A uniform law or uniform act is an idea for a law proposed by the United States Uniform Law Commission (ULC) and approved by the branch overseeing them, the National Conference of Commissioners on Uniform State Laws (NCCUSL). The idea is presented to a state legislature in the United States and each state decides whether or not it wants to pass the law. The goal is to create a system of state laws that are similar so that people moving between states are still affected by the same rules and regulations.
The NCCUSL is not a government body and cannot pass laws. Suggestions made by the NCCUSL are just that and have no effect in a state until that specific state chooses to pass the law. The organization formed in 1892 as a way to help unify laws across the United States. The federal government only holds so much power and is limited in what laws it can pass that apply to the entire country. States have their own power to pass laws that apply only to those living in their specific state, though these laws must not go against the Constitution or any federal law.
Need for more uniform laws between states arose when travel became easier and people began to move and do business from state to state. A law that might apply in one state could be useless and have no effect on a person if he or she simply traveled to another state. This caused problems and confusion when dealing with business transactions and other legal matters.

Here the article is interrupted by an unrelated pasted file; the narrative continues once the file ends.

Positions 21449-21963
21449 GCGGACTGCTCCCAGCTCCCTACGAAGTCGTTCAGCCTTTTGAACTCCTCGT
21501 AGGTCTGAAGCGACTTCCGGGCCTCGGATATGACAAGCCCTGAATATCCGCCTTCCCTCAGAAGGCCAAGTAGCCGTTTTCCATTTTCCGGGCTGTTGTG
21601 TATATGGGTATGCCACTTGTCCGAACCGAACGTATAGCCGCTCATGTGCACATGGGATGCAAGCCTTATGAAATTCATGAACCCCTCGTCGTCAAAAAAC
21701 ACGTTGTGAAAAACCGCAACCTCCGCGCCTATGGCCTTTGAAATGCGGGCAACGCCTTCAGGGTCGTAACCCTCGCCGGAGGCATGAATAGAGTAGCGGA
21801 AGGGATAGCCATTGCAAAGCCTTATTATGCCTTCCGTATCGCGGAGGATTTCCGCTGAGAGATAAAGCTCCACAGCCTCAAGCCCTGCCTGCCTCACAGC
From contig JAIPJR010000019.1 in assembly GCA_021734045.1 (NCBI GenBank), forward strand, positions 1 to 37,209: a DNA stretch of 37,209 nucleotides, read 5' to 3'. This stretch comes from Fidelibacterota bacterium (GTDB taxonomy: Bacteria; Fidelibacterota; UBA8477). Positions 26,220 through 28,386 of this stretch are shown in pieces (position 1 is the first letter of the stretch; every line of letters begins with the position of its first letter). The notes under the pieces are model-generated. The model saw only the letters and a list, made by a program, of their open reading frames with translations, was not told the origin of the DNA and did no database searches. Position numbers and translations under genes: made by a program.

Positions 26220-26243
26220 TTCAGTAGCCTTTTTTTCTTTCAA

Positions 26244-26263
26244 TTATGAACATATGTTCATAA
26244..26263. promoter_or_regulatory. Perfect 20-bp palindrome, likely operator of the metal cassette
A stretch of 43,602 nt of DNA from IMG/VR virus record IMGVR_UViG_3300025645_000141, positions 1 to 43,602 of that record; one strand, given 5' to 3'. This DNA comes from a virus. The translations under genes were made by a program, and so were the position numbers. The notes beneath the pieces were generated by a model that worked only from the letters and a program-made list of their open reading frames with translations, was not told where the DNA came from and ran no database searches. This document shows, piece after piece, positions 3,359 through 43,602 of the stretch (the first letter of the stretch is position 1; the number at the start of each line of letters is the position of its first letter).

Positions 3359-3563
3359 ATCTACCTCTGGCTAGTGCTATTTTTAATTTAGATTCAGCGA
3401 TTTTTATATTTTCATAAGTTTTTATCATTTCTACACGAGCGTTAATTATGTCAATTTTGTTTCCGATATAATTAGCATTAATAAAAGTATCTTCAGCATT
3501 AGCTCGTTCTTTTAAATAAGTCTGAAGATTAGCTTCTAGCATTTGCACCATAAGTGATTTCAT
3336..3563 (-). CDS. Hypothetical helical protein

Suggestions for a new uniform law are made by the Uniform Law Commission (ULC). This nonprofit, unincorporated association is made of commissioners who are typically appointed by the governor of the state they represent. To be considered for a role as a commissioner, the person must be legally qualified to practice law. Candidates include lawyers, law professors, and judges, with some members from the groups practicing in private and others practicing at the federal level.
Uniform law works in theory but has both its ups and its downs in practice. While it helps maintain similar laws among all states, many uniform laws are passed by only a few states or none at all. A few laws are widely accepted in most states, but even those states that do pass the law may have a slightly different version due to other laws that already exist and affect the new law.
One popular example of a widely accepted uniform law is the Model Penal Code. This specific law was not suggested by the NCCUSL but by the American Law Institute (ALI). The Model Penal Code works to help unify states when it comes to creating criminal laws. It makes suggestions about legal matters and reforms, though the code itself is not technically a law.